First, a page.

• Scope of the engagement. Does it match the services that the vendor will be providing to you? I have had more than one client with vendors that supplied paperwork that had nothing to do with the services provided. In many of the cases, they accidentally sent the wrong report — but in about half of the cases, the vendor simply assumed they were fully compliant when they weren’t (or they were being deceptive).
  • Certifications they’re subject to. Some standards are more prescriptive than others. For example, PCI doesn’t simply stipulate what you need, but how it should be implemented. HIPAA, on the other hand, allows you to determine for yourself how you will fulfill each requirement.
  • Processes. If they’re using a less prescriptive standard, take a look at the details of the security report. What controls are they using? How are they addressing issues? Does the approach make sense? Just reading how they’re fulfilling various line items can be very insightful to how seriously the vendor takes security and compliance. Are they going above and beyond, or are they just doing the bare minimum?
  • “Not Applicable” statements. As an extreme example, if your vendor deems penetration testing and vulnerability scans as not applicable, that should raise some eyebrows. What explanations did they provide for anything they deemed N/A?
  • Locations. Make sure the paperwork covers the facilities you’ll be leveraging.
  • Noted exceptions. Compliance reporting from the Assessor or Auditor may call out exceptions that were discovered. Often, the exceptions will be accompanied by a management explanation of the exception and the things they’ve done in response. Ask sensible questions about those exceptions.

Talk to the Right People

Never trust a salesperson’s guarantee about security — not because they’re untrustworthy, but because they rarely know anything about security and compliance. If you have questions that arise from the security and compliance report, talk directly to the person who is responsible for security and compliance at that company.

When you talk with a vendor’s security point person, get a feel for their level of expertise in this area. It’s not unusual to run into people who have been put in charge of cybersecurity simply because they’re the head IT guy or because they’ve “done an audit” before. IT and cybersecurity are two different things, and an IT professional is usually not equipped to deal with security and compliance issues at a deep level. Make sure they have a background in security and compliance, and that they’ve been at it for a number of years.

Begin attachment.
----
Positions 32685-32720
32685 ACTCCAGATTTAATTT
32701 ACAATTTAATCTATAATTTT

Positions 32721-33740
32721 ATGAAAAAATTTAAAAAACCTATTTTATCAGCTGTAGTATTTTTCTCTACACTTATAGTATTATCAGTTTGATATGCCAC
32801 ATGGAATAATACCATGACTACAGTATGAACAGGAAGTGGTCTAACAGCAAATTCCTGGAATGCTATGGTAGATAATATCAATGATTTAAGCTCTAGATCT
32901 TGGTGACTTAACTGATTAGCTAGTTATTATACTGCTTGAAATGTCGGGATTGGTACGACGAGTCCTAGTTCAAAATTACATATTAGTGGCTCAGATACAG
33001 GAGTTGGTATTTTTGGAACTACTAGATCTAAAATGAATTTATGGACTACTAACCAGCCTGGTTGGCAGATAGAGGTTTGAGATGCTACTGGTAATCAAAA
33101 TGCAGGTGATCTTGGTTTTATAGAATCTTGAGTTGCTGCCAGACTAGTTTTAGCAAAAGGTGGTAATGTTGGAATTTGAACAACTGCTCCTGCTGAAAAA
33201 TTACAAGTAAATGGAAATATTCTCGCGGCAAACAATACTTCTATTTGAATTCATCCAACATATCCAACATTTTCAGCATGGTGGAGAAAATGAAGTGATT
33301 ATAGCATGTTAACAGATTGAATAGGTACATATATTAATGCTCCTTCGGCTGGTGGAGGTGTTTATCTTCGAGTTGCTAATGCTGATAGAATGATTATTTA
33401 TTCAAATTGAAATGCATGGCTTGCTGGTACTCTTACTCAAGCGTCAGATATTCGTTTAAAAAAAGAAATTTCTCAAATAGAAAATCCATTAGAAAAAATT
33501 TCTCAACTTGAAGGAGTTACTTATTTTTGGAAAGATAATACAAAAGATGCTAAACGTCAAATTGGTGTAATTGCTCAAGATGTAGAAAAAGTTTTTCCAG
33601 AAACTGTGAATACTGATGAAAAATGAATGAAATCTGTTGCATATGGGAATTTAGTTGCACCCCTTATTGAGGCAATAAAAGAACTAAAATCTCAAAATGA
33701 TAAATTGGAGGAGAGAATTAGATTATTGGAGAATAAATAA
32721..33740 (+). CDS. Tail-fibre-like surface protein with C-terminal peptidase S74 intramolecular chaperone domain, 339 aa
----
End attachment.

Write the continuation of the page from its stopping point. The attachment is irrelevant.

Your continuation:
Review the Vendor Agreement

It’s important to go back to your written agreement on a regular basis and take a look at it with a fresh pair of eyes. Make sure they’re taking responsibility for the things they’re responsible for — your data, your product, your intellectual property, etc. Do they have a clause that says they will maintain their security and compliance? Review any confidentiality clauses, and anything else that should be in there to protect your company.

Don’t Do This!

One thing to note: you can use automated questionnaires that are available for vetting vendors. Don’t use them. They won’t be customized to meet your vetting needs, and they usually ask for more information than you need. That puts undue burden on the staff of your organization, and your vendors.

Some of these questionnaires even request information you have no business seeing. For example, some will ask for the actual data results from the latest penetration test. Or they’ll request vulnerability reports directly from the scan engine. Those reports contain sensitive internal information that no external organization should have the right to request.

Overwhelmed? We’re Here To Help.

Vetting your vendors is an integral part of a robust security program, because your security is only as strong as the weakest link in the chain. If you need a security professional to help you, TCT can make it easy!

Learn about TCT’s Compliance Consulting